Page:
'If you’re not sure whether a colour is warm or cool, paint large samples (about A1 size on a piece of lining paper or stiff card) and look at it at different times throughout the day. If it makes the room feel warm, you’ve chosen a warm colour and you’re on the right track. If not, it might be worth considering some more welcoming tones.'
Founder of interior design business AMC Design, Ann Marie says it's colour that makes her and her projects come to life and sets her apart from some other designers. Her goal is to create beautiful interiors that reflect the life and the personal style of the family who live there.
6. Get a happiness dose with dopamine brights
'If you’re someone who gets a bit of the winter blues, or you just love tonnes of colour, dopamine decorating is definitely one to try,' says Kelly Collins from Swyft. 'This approach is all about using colour, pattern, texture and accessories that make you feel happier in your space. It’s playful, joy-inducing stuff.'
Alongside bright colours, Kelly detects a sense of anxiety-soothing nostalgiacore in this decor trend. 'I’m seeing lots of vintage and retro items being used as decor, especially anything that’s quirky and very of its time – think rotary phones and lava lamps. Basically, anything with lots of nostalgic good vibes.'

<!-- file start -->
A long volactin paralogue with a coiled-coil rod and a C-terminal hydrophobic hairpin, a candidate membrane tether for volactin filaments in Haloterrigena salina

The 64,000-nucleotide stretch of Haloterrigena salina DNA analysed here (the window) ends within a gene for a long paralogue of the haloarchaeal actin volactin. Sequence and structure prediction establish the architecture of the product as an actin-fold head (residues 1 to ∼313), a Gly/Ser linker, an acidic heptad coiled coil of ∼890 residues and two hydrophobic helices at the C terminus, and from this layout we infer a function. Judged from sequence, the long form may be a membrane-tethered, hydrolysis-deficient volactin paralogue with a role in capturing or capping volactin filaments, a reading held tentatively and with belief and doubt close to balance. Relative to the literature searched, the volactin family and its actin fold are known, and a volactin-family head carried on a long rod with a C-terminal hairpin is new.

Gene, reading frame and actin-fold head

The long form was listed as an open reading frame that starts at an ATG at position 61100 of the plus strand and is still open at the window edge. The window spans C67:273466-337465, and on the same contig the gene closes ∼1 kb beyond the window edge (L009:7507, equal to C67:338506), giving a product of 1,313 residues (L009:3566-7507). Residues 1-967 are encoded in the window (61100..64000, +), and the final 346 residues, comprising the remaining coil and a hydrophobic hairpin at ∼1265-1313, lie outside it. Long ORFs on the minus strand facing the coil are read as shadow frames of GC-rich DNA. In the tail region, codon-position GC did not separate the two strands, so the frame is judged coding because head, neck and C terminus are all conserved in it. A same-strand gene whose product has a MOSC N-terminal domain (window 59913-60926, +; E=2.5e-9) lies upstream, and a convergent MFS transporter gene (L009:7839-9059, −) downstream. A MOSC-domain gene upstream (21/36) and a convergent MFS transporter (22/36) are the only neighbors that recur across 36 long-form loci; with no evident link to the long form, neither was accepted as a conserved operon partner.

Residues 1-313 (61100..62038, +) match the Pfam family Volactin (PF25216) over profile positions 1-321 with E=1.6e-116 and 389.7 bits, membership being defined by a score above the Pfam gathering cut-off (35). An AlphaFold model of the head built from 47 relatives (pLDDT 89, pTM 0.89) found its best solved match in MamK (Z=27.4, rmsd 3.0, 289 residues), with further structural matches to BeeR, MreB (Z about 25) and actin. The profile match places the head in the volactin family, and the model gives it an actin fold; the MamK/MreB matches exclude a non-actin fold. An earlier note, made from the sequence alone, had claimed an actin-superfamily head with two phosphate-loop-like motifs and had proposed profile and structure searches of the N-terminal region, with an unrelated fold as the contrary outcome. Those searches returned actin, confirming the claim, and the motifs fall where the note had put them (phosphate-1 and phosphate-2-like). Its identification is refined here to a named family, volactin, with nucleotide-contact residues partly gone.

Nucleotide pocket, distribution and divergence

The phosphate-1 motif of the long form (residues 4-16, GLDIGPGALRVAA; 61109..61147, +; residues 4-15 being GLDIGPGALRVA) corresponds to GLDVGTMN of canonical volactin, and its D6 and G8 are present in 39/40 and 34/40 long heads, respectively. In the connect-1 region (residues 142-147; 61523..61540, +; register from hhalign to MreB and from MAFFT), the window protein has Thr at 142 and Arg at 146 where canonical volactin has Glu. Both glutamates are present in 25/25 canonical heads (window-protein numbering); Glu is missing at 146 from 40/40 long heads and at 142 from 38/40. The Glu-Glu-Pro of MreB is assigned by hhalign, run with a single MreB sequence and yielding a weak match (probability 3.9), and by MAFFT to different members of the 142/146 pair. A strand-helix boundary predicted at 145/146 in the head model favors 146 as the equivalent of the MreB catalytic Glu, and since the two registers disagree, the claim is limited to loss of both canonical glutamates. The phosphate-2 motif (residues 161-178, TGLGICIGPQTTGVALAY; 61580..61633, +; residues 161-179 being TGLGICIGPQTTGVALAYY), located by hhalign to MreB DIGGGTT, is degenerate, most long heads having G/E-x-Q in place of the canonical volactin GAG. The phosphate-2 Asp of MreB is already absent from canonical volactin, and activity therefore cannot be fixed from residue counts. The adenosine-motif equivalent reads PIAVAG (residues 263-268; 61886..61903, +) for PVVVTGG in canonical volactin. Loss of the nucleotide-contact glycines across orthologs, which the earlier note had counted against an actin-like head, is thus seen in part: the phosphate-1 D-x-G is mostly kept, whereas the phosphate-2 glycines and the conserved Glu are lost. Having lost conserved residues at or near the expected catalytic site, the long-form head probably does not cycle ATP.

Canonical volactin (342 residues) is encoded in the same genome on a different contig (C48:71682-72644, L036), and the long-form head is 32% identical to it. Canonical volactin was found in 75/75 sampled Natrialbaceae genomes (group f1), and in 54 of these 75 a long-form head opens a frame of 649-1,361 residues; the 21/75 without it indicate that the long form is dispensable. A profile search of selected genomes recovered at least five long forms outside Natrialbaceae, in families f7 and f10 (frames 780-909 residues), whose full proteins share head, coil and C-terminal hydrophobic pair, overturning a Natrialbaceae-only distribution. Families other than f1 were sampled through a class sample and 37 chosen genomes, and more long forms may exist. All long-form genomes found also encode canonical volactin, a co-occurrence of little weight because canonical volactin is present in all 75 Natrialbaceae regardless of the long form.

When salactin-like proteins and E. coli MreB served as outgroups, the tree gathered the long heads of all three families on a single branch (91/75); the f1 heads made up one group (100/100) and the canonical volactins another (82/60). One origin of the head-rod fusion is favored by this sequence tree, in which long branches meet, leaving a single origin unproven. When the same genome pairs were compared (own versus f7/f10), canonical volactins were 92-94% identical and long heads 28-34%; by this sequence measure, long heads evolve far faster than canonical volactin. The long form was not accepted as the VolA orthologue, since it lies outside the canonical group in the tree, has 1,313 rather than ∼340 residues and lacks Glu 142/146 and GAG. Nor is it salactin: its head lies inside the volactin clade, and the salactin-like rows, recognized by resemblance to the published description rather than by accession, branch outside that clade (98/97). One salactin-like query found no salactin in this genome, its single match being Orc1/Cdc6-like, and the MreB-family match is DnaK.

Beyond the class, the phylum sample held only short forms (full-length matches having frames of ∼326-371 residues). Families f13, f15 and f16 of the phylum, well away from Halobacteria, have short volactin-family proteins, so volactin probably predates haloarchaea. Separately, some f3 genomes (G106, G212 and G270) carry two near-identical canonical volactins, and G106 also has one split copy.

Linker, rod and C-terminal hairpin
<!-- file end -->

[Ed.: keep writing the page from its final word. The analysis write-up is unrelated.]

'If dopamine decorating is an interior trend you want to try out for yourself, start by choosing colours you’re drawn to that make you feel happy,' advises Kelly. It's worth walking around stores or browsing online to see what appeals to you. For extra splashes of these happy colours, keep the mood high by looking for bargain options, like through using John Lewis discount codes or more general home decor discount codes.
'In your soft furnishings and furniture, choose textures that make you feel safe and comfy. Then, bring the look together with accessories that spark joy or bring back happy memories. Your home interior has so much power to make you feel happier – dopamine decorating is the proof.'
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Andrea began her journalism career at Ideal Home and is currently Editor of our sister title, Country Homes & Interiors, which celebrates modern country style. Andrea is passionate about colour and how it can transform both our homes and our sense of wellbeing, and has completed The Power of Colour course with the prestigious KLC School of Design. Andrea's career spans interiors magazines, women's lifestyle titles and newspapers. After her first job at Ideal Home, she moved on to women's magazines, Options and Frank. From there it was on to the launch of Red magazine, where she stayed for 10 years and became Assistant Editor. She then shifted into freelancing, and spent 14 years writing for everyone from The Telegraph to The Sunday Times, Livingetc, Stylist and Woman & Home. She was then offered the job as Editor of Country Homes & Interiors, and now combines that role with writing for idealhome.co.uk.